In a 5-4 decision written by Justice Miller, the Supreme Court held that Louisiana’s granting of a semi-monopoly in the slaughterhouse industry to one company was not a violation of the Fourteenth Amendment’s guarantee that “[n]o State shall make or enforce any law which shall abridge the privileges or immunities of citizens of the United States.” The Court gave their understanding of the Fourteenth Amendment’s ratification, reasoning that the privileges or immunities clause is not “a protection to the citizen of a State against the legislative power of his own state” and that to argue otherwise is to rely on an incorrect assumption “that the citizenship [of citizens of the United States and those of the several States], and the privileges and immunities guaranteed by the clause are the same.” Finally, the Court held that “nearly every civil right for the establishment and protection of which government is instituted” along with “those rights which are fundamental” are not protected by the privileges or immunities clause.
The majority in Slaughterhouse insists that the recent ratification of the Fourteenth Amendment “is fresh within the memory of us all,” but that did not help the majority avoid contorting the text of the Amendment’s first section or nullifying rights. Absent in the majority’s historical analysis of the Fourteenth Amendment is a discussion of the Amendment’s impetus, the Civil Rights Act of 1866, and more broadly, an understanding of the Fourteenth Amendment’s purpose.
The Civil Rights Act of 1866 was written to protect emancipated slaves from discriminatory state laws enacted after the Civil War known as the “Black Codes”. Because the federal government did not currently possess the authority to enact the Act’s provisions, Congress ratified the Fourteenth Amendment in order to enforce the Act. The Act was meant to protect the ability of all citizens “to make and enforce contracts, to sue, be parties, and give evidence, to inherit, purchase, lease, sell, hold, and convey real and personal property, and to full and equal benefit of all laws and proceedings for the security of person and property.” In light of the Act’s provisions, and the construction of the Fourteenth Amendment’s first section, part of the Amendment’s purpose becomes clear: to alter the nature of citizenship and guarantee federal protection of certain civil rights mentioned in the Civil Rights Act of 1866. The Slaughterhouse majority fails to consider either of these purposes, mistakenly assuming a separation between federal and state citizenship, and misreading what in part composes the privileges or immunities of federal citizenship. It is necessary to provide the analysis of the Amendment that the majority did not.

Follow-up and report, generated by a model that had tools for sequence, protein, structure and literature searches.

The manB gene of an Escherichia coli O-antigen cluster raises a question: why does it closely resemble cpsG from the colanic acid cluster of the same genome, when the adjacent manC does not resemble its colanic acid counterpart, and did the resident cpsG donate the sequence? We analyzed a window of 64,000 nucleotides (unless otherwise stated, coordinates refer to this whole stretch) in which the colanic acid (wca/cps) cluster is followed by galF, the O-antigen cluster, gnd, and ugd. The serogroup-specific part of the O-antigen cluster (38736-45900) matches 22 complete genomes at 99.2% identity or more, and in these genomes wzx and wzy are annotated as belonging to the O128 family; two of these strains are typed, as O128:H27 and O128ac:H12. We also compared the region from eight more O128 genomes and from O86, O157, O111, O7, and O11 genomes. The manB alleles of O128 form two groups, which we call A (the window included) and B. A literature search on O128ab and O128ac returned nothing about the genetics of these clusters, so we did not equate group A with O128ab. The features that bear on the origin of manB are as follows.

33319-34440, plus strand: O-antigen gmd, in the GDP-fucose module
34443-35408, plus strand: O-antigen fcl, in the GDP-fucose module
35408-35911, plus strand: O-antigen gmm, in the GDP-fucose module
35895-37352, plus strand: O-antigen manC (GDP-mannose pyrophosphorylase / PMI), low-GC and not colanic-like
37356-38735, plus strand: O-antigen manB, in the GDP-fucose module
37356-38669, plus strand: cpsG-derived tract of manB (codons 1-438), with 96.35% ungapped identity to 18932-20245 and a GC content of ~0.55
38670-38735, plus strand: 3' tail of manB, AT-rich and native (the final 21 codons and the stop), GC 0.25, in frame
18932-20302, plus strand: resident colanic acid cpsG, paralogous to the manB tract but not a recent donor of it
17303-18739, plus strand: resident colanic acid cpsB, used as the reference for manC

The Fourteenth Amendment’s citizenship clause, which guarantees that “All persons born or naturalized in the United States, and subject to the jurisdiction thereof, are citizens of the United States and of the state where they reside,” appears immediately before the privileges or immunities clause. The citizenship clause defines both federal and state citizenship, making them not separate as the majority in Slaughterhouse concludes, but one derivative of the other – state citizenship a necessary result of federal citizenship. Accordingly, all of the privileges or immunities one possesses as a federal citizen include the privileges or immunities one gains as a citizen of a state. Logically, the privileges or immunities of federal citizenship that are in addition to the privileges or immunities guaranteed by state citizenship must be determined. Had the Court decided to look to the origination of the Clause, which would be helpful as the Thirty-Ninth Congress indicated that the Fourteenth Amendment’s privileges or immunities clause “secured nothing beyond what was intended” by the initial use of the phrase in Article IV of the Constitution, the Court in Slaughterhouse would not have had to prescribe their own meaning to the phrase.
The Court in Slaughterhouse looks to Justice Washington’s decision in Corfield v. Coryell to determine the historic meaning of the privileges or immunities of federal citizenship, a reasonable action. But the Slaughterhouse majority misread both the holding in Corfield, and the meaning of “privileges or immunities”. Justice Washington describes the “privileges and immunities” mentioned in Article IV Section 2 of the U.S. Constitution as being “in their nature, fundamental; which belongs, of right, to the citizens of all free governments.” Justice Washington’s holding distinguishes these fundamental rights from the benefits of being a citizen of a particular state, and reflects the initial understanding the American colonists had of the phrase, which was codified in their respective colonial charters. Given this, along with the violations of the fundamental rights of African Americans at the state level that attracted federal protection, and the purpose of the Civil Rights Act of 1866, the inclusion of the privileges or immunities clause in the Fourteenth Amendment seems to be for the purpose of securing the fundamental rights protected by the clause’s initial use, and the civil rights mentioned in the 1866 Act. The Slaughterhouse majority does not conclude this meaning because their contortion of the Fourteenth Amendment’s citizenship clause led them to misread the Corfield holding – concluding incorrectly that the phrase “privileges or immunities” meant “always…the class of rights which the State governments were created to establish and secure” and do not include fundamental or civil rights.
The Slaughterhouse majority’s misreading would open the door to the doctrine of “substantive due process” and as a result, has brought a machete to intellectually honest constitutional law.